Brewed coffee from moka pot

Once the water reaches boiling, the actual extraction doesn't take very long. However, you won't want to leave the pot unattended, because there's a high likelihood you'll end up with bitter coffee. If you prepare your basket of grounds ahead of time, you'll need 10 minutes start to finish.

For a French press, you can't prep anything ahead of time. Each batch of coffee needs to be ground as freshly as possible. The water must be heated to just under boiling separately, and the steeping and plunging process will take about five minutes on top of that. It's possible to get a good routine established, but you'll still need 10-15 minutes for the whole process.

WINNER: While it's close, the Moka pot wins this round for taking less time to prep, brew and clean up.

#2 - Grind Flexibility & Convenience

Your Moka pot has a special brew basket that you fill with ground coffee. The nice thing about these pots is that you can grab your favorite pre-ground coffee because the standard grind setting works just fine. If you prefer to grind your beans, however, there is plenty of room to fine-tune your grind. Just be sure not to go too fine; otherwise the water won't be able to push through the grounds, and you'll end up with a weak extraction (our worst nightmare)

Because the French press relies so heavily on steeping, the coffee needs to be ground as coarsely as possible to maximize surface area for extraction.

What does this mean?

It means you'll need to invest in a grinder if you want the best quality brew because the best brews come from very coarsely ground beans. If you plan just to throw your standard fine grinds into your French Press, don't expect a great brew.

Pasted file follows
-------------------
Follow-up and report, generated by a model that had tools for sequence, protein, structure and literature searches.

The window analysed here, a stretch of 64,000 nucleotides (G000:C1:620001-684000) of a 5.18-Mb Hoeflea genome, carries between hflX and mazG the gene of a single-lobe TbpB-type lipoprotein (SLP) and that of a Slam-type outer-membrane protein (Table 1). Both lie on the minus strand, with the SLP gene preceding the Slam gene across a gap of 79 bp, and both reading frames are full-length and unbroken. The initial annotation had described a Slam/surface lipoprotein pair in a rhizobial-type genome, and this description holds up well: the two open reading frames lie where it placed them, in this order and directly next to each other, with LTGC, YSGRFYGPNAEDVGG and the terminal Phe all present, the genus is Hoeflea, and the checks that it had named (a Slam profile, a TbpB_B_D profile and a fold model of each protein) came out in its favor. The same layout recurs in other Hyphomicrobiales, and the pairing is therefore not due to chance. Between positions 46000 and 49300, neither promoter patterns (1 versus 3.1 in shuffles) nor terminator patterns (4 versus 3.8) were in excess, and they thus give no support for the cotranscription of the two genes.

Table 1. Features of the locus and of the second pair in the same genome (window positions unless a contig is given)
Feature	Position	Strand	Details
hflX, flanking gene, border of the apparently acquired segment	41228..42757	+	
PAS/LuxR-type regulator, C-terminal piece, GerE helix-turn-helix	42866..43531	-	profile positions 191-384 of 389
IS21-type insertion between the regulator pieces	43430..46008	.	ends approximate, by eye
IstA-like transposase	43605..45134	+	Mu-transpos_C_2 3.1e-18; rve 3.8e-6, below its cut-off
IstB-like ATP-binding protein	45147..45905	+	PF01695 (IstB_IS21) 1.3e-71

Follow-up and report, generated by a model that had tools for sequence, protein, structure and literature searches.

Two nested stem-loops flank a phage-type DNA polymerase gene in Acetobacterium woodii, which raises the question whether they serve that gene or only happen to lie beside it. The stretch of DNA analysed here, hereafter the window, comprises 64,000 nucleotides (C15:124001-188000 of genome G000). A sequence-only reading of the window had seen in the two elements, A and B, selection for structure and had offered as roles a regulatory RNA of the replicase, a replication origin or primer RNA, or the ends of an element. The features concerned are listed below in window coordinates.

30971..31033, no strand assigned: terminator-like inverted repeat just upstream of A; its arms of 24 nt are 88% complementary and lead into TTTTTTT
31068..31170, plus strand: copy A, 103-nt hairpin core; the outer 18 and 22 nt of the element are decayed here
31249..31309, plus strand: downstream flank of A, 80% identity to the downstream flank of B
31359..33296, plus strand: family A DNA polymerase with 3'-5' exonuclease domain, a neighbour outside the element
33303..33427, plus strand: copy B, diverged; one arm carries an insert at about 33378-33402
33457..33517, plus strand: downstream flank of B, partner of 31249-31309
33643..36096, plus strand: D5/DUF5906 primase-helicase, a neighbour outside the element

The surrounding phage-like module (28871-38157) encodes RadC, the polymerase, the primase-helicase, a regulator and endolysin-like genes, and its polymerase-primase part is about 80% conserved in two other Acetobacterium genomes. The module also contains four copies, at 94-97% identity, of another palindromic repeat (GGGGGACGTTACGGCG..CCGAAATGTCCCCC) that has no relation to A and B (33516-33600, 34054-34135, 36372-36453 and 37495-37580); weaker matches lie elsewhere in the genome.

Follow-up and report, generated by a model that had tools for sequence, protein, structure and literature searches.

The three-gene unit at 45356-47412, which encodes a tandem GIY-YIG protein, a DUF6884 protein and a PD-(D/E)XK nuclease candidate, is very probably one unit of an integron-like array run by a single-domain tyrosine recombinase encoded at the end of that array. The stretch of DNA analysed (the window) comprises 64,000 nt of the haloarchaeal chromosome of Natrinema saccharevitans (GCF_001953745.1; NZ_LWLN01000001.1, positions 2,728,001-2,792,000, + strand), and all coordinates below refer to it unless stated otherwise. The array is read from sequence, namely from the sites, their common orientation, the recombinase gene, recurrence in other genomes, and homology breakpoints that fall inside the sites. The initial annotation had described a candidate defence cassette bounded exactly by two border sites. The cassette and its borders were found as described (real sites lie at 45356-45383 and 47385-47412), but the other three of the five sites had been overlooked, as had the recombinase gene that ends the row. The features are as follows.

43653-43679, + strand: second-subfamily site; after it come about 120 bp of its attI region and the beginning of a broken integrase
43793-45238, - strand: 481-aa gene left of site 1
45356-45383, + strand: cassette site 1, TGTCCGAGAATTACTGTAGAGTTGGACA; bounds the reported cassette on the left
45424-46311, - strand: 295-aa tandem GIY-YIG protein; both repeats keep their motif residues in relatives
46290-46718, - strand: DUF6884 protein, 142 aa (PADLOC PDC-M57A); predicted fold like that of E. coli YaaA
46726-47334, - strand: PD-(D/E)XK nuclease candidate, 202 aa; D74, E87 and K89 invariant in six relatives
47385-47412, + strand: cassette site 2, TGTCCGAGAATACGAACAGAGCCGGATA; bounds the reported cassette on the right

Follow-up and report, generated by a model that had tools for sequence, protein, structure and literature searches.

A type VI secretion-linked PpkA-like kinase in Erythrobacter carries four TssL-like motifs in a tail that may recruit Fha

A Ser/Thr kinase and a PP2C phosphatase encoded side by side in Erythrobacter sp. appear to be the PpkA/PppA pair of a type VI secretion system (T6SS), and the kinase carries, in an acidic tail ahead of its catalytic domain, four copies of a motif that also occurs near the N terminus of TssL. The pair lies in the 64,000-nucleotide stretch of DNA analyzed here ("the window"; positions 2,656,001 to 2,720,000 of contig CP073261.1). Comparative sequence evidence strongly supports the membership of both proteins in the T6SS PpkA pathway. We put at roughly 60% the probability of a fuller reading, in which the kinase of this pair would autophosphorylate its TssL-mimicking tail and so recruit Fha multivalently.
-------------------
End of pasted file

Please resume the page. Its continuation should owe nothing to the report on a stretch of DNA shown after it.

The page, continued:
WINNER: If you already have a grinder - it's a tie. If not, this one goes to the Moka pot for allowing the use of pre-ground coffee.

#3 - Ease of Brewing

Moka pot on stove

Moka pots do require a little skill, in the beginning, and even the pros concede there is always room for technique improvement. The one major complaint about Moka pots is the potential for under-extraction - it happens more often then you'd like.

Typically, when this happens, it's an issue of grind size or tamping. Both of these issues can be resolved though it may take several brews to figure out what combination of tamping technique and grind size yields the best extraction for you. Be aware that tamping must be done lightly; too hard and you'll limit the water getting through the grinds.

The French Press requires a certain level of skill, but in my opinion, the brew method is more reliable. As long as you follow the steps laid out here you are guaranteed a strong, delicious brew. As with Moka pots, there is always room for tweaking and improving your technique, but there are fewer variables to consider.

WINNER: This one goes to the French press. Both methods yield great coffee, but the French press is a little more foolproof.

#4 - The End Result - Quality

Ease of Brewing

Moka pots produce coffee under pressure, similar to the mechanism for brewing espresso (5). However, Moka pots extract at a much lower pressure than espresso machines, so it isn't exactly a replacement. It does still offer a much more concentrated brew than drip or French press, though. There is also the possibility of achieving a bit of sweet crema in a Moka pot brew.

The French Press relies on the oils and flavors roasted in the bean to produce the best brew: this leaves you with much more room for flavor variation. Steeping also tends to leave a heavy, sometimes oily mouth feel without necessarily delivering extra flavor.